i0909-6396-18-1-35-e03.gif
where fatness is defined as the percent fat in the entire animal; oil mass refers to the fluid found in drying pans after drying to constant mass. Total body mass was obtained by correcting skinned carcass mass∗1.165 to account for skin mass (Pond et al. 1994). Although other researchers have measured fatness using other denominators (e.g. skinned carcass mass or ingesta-free carcass mass), we preferred to use body mass (i.e. including pelt mass) because of the availability of such a correction factor for pelt (which was not weighed by the trapper and thus not available for our study), and the fatness figures reflected better those of live animals.

Index development and test

To estimate the performance of each depot at predicting known percent fat, fatness (from equation 3) was regressed on the fresh mass (g) of each of the five fat depots. Calculations were done using Microsoft Excel and Statistica Version 8.0.

In developing predictive equations, genders were treated separately due to strong sexual dimorphism in body size. Possible effect of age was also considered, but was assumed to be negligible as juvenile wolverines have nearly reached adult size at the time of harvest (J-F. Robitaille & T.S. Jung, unpubl. data). Model functions were obtained from separate least squares linear regressions of selected depots against fatness, from which explained variance (R2 values of each regression line) was used to assess accuracy of each depot in representing fatness. In the validation phase, predicted fatness was calculated using the predictive equations and its relationship with known fatness as well as its frequency distribution were compared with that of known fat levels (fatness) using Pearson correlation and paired t-test.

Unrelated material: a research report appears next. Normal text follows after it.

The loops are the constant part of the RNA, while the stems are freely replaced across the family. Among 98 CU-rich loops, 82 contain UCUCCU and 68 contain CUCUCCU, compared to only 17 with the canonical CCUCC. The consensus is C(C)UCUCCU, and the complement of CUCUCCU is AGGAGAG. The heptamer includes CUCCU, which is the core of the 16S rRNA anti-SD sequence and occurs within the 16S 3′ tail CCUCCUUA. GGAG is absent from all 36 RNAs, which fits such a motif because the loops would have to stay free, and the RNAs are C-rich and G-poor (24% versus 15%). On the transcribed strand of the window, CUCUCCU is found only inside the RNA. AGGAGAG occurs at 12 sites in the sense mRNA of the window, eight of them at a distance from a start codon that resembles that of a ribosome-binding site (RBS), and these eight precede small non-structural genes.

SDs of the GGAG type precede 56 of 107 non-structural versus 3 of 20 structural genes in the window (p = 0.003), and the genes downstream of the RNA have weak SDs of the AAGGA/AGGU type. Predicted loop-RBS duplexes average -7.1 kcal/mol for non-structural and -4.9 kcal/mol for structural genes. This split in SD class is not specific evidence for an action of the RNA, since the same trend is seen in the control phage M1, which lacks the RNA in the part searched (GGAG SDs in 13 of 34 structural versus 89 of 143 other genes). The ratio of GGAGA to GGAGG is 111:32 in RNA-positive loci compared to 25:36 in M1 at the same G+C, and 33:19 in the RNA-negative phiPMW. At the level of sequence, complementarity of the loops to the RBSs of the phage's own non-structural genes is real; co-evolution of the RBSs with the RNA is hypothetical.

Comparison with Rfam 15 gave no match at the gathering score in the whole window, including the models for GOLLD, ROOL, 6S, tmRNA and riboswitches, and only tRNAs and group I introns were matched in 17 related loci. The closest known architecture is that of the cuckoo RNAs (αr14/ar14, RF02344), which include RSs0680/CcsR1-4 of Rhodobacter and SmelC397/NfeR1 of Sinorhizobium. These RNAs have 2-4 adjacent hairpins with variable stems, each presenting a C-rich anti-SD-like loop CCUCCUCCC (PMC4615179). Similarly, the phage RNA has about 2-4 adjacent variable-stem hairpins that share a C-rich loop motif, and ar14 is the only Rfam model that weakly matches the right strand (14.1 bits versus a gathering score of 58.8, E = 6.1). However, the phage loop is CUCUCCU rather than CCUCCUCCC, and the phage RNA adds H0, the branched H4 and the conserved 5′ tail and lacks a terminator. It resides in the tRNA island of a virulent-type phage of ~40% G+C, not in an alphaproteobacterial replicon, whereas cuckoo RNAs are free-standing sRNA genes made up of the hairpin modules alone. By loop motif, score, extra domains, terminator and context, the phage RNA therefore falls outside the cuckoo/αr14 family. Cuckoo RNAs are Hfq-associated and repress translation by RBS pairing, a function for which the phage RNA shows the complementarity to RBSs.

Results

The mean fresh body mass of male wolverines was 11.3 kg (N = 32) whereas that of females was 7.3 kg (N = 23), indicating that females were on average 64% the size of males (see Table 1). As expected, omentum, mesentery and perirenal fat depots were relatively heavy (0.10-2.02% of body mass) in both males and females, whereas popliteal and sternal depots were 3-7 times smaller (0.02-0.53%; see Table 1).

Fatness varied extensively in both male and female wolverines (males: 1.5-15.1% and females: 1.0-16.6%) in 2005/06 and average fatness (males: 7.8 ± 3.5%, N = 32 and females: 6.5 ± 3.8%, N = 23) did not differ significantly between genders, although in 2006/07, females were on average one third (33%) leaner than males (Table 2). Furthermore, coefficients of variation were relatively high despite relatively good sample sizes with each gender/year, suggesting a natural variability of individual fatness in wolverine. Genders were combined to examine effects of body size, age, seasonality and harvest year. There was no relationship between fatness and body mass, indicating that all size cohorts were as likely to include lean or obese animals (Fig. 1). There was also no significant relationship between fatness and age (Fig. 2). This suggests that all age cohorts, including young-of-the-year (i.e. age 0 in our study) and mature adults, were as likely to show signs of food deprivation (emaciation) or excessive energy intake (obesity). There was also no significant seasonal trend in fatness (Fig. 3). Finally, average fatness was only slightly higher in 2005/06 (7.39 ± 4.02%, N = 32) than in 2006/07 (7.06 ± 3.12%, N = 23).

Fatness of females was better predicted by fat depots than fatness of males. With both males and females, the popliteal fat depot was not useful in predicting fatness (R2 = 0.30-0.45; Fig. 4). In males, the fat depot that provided the best estimate for fatness was the sternal depot (R2 = 0.73), followed by the perirenal depot (R2 = 0.60). By comparison, omentum and mesentery fresh mass performed poorly (R2 = 0.44 and 0.39, respectively) as a few males possessed quite large depots for their fatness (see Fig. 4). In females, the omentum fat depot performed particularly well in predicting fatness (R2 = 0.94; see Fig. 4), although sternal and perirenal depots were also accurate in predicting fatness (R2 = 0.87 and 0.84, respectively). In comparison, mesentery fat depot (R2 = 0.54) was not as accurate.